(KERO) — What some consider a symbol of California -- the Joshua tree -- has been under a temporary protection status for more than a year.
During that time, state officials have been evaluating whether or not to put the tree-like plant under the Endangered Species Act. Some have decided against it.
According to a report released by state biologists, they believe since the Joshua tree is currently abundant and widespread they don’t recommend listing it as threatened for extinction. They also say that abundance lowers the threat of extinction for the foreseeable future.
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Some disagree with the decision, saying waiting to take action does more harm than good in the long term.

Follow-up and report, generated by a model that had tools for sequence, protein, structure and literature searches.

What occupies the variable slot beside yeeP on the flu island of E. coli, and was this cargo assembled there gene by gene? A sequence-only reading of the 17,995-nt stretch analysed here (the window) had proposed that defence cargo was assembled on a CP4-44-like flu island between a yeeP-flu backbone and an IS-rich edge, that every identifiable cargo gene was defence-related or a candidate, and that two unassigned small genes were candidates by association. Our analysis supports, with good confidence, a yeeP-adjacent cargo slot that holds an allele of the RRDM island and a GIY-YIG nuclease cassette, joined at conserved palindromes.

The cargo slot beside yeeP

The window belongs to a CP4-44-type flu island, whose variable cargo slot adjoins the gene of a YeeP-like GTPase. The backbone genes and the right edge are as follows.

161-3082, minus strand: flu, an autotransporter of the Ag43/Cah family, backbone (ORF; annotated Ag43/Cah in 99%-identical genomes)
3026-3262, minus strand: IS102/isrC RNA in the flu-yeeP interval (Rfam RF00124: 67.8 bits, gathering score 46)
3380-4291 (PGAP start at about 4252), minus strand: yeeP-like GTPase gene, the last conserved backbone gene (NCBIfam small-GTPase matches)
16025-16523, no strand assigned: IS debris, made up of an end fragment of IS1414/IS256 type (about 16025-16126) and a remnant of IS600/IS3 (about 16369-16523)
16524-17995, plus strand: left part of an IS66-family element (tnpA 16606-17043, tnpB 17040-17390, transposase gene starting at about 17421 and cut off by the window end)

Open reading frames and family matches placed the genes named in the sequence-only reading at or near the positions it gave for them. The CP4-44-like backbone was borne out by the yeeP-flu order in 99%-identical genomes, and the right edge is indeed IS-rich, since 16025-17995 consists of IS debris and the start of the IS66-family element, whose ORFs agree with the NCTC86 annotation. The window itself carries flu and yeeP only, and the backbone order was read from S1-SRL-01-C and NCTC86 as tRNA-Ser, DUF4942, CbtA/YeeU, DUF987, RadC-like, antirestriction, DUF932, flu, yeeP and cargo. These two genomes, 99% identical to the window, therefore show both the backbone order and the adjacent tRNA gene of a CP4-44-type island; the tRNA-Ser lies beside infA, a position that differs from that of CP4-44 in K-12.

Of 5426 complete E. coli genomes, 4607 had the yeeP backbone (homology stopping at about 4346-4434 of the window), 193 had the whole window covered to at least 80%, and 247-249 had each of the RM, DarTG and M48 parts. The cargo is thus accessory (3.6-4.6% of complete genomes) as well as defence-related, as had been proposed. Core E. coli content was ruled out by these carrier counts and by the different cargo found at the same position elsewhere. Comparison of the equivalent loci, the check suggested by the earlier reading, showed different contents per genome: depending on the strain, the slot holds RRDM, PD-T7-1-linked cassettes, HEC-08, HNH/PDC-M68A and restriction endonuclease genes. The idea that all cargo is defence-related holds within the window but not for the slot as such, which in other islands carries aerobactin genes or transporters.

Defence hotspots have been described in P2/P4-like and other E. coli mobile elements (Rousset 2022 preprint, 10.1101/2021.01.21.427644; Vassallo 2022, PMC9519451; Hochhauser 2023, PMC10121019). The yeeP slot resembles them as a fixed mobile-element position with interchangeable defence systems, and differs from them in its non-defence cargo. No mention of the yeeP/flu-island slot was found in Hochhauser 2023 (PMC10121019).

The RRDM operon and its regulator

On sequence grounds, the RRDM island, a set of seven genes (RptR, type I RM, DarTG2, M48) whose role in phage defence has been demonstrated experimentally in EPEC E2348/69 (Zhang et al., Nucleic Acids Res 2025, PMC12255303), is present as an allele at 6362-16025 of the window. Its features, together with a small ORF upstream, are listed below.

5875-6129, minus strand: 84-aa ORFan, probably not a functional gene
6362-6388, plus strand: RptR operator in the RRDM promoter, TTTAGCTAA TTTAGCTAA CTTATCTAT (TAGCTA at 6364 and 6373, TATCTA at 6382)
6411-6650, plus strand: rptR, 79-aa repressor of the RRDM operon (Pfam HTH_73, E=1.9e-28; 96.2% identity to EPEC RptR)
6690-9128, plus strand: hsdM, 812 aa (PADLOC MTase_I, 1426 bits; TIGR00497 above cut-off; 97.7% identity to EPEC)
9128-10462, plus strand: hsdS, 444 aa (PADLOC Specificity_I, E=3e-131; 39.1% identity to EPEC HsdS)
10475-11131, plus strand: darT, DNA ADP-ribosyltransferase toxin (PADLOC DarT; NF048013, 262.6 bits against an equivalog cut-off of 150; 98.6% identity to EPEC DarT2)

“It’s the equivalent of the captain of the Titanic hitting an iceberg. 'Well, we can’t prove our passengers will drown in the water so until we have statistically significant proof that a higher percentage of them will indeed drown there is no need to call in the mayday.' It’s just an iceberg. It’s a complete head in the sand approach to climate change and California deserves far better than this.” said Brendan Cummings with the Center for Biological Diversity.
The final decision on whether to list the Joshua tree as threatened, which will then give it extra protection from being bulldozed or cut down, will be left to the California Fish and Game Commission. They're expected to vote in June.
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